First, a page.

After recovering from the W Trek and a mild hangover (post trek wine is a killer) , the next stop in Patagonia was to Los Glaciares National Park in Argentina – my 12th country of this trip. The park/reserve covers an area of some 600,000 hectares in the South-westerly province of Santa Cruz and has been an UNESCO World Heritage site since 1981. The plan was to travel North to the hiking mecca of El Chalten, but that would have to wait for another day. First things first, it was time to visit a white giant – the Moreno Glacier.
Seriously though, what a truly fantastic spectacle. I won’t say it was “cool” (even though it was) as I feel I’ve cracked that truly woeful joke a few times too many. To those who know me well, hearing that will hardly come as a shock.
For all the geography nerds, now is the time to pay attention. Glacier Moreno is one of 48 glaciers that comprise the Southern Patagonian Ice Field. With an area of 16,800 km² (6,800 mi²) it is the second largest contiguous ice field in the world, stretching across the southern Andes, measuring almost 220 miles (355 km) long and 30 miles (48 km) wide – much bigger than Argentina’s capital city; Buenos Aires. Alternatively you could just refer to it as “big”. Even if you’re reading about this from home in the UK, chances are you’ve been indirectly involved with the glacier as it is also the third largest reserve of fresh water in the world.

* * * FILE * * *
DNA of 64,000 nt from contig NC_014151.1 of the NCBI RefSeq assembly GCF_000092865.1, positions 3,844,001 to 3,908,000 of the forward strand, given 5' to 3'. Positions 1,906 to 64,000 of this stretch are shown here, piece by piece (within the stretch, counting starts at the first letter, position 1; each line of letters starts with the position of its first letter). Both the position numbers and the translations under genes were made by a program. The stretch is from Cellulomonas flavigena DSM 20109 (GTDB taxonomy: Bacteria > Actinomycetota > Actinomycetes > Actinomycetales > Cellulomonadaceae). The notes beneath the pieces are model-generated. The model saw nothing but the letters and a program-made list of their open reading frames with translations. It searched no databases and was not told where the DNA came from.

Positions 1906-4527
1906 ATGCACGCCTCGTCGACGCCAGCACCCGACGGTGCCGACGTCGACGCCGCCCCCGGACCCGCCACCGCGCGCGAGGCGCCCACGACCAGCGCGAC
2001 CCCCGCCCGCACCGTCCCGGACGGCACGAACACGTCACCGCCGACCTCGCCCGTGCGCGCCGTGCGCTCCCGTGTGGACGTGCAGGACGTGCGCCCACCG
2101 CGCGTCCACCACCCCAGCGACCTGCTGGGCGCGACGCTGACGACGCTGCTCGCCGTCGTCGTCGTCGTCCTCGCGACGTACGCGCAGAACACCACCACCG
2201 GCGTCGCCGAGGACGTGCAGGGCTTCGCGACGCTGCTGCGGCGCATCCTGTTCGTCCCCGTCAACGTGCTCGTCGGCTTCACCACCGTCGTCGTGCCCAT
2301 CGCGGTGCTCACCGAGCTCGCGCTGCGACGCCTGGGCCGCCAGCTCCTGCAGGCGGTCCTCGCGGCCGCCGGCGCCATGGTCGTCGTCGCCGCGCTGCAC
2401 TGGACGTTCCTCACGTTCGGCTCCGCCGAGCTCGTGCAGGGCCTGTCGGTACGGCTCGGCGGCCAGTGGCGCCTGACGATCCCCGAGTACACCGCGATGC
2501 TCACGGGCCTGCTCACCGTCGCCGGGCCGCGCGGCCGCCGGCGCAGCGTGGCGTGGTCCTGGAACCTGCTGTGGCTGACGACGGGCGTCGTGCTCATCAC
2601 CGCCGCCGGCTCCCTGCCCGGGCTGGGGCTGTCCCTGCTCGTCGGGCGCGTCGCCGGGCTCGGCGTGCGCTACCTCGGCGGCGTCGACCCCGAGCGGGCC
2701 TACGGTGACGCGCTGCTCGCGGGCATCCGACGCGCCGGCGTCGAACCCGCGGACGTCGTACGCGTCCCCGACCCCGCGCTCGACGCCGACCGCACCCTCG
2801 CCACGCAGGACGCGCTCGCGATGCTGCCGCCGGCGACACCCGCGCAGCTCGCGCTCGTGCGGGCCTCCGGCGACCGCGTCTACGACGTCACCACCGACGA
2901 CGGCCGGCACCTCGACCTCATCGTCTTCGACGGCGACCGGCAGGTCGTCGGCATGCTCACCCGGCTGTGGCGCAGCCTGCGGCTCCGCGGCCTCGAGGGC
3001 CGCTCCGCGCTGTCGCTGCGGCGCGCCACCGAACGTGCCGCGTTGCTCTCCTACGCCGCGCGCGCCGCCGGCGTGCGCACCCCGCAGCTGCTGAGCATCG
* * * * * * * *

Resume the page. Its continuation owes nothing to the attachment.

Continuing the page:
From Moreno’s 5 kilometer front which rises 60meters above the water, great masses of ice crash into Lake Argentino with resounding roars. Deemed an “advancing glacier,” the glacier ice is continually growing and expanding outward, gradually occupying more and more territory. While the glacier is said to move outward at a pace of up to seven feet or two meters each day, large chunks of ice falling from the walls make this growth a bit more subtle. This phenomenon also makes viewing the glacier all the more unpredictable and exciting. After doing some reading, it turns out that the glacier is only one of THREE that advances, as opposed to retreating. Sticking the middle finger up to global warming.
The water colour of the lake is a gorgeous turquoise blue which is a result of the high mineral content in the glacier. One of locals informed me that they refer to the water as glacier milk because despite the wonderful colour of the water, you cannot see deeper than 20-30 centimetre’s. The location’s backdrop like everywhere else in Patagonia is utterly magnificent. The surrounding woods cloak the valleys and mountains. Consequently, it plays tricks with your mind as judging the scale of your surroundings becomes surprisingly difficult. Pretty “cool” eh? (Couldn’t resist, sorry)